“Fifty years is ample time in which to change a world and its people almost beyond recognition. All that is required for the task are a sound knowledge of social engineering, a clear sight of the intended goal – and power.” — Arthur C. Clarke, Childhood’s End. (1)
“A world society cannot be haphazard. Since there are no precedents, its cannot be traditional at this stage in its development. It can only be deliberative and experimental, planned and built up with particular objectives and with the aid of all available knowledge concerning the principles of social organization. Social engineering is a new science.” — Scott Nearing, United World (2)
Without question, one of the greatest tools for social engineering is in the realm of public education. This is not a blanket statement downplaying the role of education per se, but a judgment call recognizing the tremendous influence that the educational system can play in creating “social change.”
Consider this statement from Naresh Singh, a program director at the International Institute for Sustainable Development,
“Education has been advanced as significant in bringing about changes in attitudes, behaviour, beliefs and values…In order to redirect behaviour and values towards institutional change for sustainable development there is a need to investigate strategic options in relation to educational philosophies, scope for propagation and adoption, and groups most likely to be susceptible to change.” (3)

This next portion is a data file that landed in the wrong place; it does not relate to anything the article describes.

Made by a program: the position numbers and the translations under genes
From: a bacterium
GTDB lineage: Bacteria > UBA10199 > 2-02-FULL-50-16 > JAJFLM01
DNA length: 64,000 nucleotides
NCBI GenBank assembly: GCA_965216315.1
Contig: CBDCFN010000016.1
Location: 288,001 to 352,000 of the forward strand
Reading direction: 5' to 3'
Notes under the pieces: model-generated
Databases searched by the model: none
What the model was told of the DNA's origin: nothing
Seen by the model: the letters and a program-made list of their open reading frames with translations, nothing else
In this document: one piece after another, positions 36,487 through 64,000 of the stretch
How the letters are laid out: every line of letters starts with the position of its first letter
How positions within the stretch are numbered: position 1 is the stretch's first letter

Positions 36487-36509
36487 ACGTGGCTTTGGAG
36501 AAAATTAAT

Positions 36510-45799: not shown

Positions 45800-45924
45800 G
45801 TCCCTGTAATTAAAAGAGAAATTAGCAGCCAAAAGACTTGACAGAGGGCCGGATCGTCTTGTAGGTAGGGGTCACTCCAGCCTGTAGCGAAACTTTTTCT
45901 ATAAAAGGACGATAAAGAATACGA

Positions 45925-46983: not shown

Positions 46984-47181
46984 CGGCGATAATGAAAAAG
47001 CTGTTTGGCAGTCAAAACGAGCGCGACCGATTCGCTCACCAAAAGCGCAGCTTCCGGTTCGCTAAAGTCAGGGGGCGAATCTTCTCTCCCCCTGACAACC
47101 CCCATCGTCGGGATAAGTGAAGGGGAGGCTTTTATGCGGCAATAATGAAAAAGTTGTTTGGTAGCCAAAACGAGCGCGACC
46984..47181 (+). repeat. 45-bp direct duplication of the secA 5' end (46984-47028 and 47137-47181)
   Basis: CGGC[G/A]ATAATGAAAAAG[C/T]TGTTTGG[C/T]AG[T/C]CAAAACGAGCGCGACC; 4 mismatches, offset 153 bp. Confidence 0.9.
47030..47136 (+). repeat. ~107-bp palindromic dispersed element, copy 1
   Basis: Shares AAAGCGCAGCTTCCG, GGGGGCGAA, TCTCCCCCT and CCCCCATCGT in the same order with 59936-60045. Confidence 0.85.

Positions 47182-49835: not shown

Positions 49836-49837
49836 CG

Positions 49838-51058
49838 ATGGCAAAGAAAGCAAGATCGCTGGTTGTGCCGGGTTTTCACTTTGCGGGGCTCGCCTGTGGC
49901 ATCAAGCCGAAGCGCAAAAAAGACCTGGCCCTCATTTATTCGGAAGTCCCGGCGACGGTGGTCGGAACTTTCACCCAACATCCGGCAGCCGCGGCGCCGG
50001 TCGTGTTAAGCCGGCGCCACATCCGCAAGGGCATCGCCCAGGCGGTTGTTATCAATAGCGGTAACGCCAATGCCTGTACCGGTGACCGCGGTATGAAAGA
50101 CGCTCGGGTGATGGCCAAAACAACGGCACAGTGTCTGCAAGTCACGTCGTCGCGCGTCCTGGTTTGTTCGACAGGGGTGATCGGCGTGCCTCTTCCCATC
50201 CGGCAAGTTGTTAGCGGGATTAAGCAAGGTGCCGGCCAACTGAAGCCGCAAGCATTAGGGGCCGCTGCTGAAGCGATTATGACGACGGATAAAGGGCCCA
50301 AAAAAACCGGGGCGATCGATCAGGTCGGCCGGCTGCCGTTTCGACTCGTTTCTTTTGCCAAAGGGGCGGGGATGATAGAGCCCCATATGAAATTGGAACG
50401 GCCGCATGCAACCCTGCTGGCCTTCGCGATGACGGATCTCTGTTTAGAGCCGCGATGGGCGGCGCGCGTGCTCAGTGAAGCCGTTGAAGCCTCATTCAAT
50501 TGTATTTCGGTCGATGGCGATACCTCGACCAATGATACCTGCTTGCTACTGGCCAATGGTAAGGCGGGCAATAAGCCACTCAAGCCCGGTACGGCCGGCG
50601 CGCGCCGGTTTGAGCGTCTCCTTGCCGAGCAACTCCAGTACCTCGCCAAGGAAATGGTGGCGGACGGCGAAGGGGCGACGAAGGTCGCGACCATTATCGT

All of this points to a radical shift now taking place – a shift which emphasizes “global thinking” and “planetary norms.” According to the IISD literature, “the task of education for the immediate future is to assist in activating an ethic of planetary sensitivity…We must pass from a human-centred to an earth-centred sense of reality and value.” (4)
This “global-shift role” for general education is a foundational platform for UNESCO, the United Nations Educational, Scientific and Cultural Organisation. The first Director General of UNESCO, Julian Huxley, clearly laid out UNESCO’s educational scope,
“In general, Unesco must constantly be testing its policies against the touchstone of evolutionary progress. A central conflict of our times is that between nationalism and internationalism, between the concept of many national sovereignties and one world sovereignty… To continue reading and for footnotes, click here.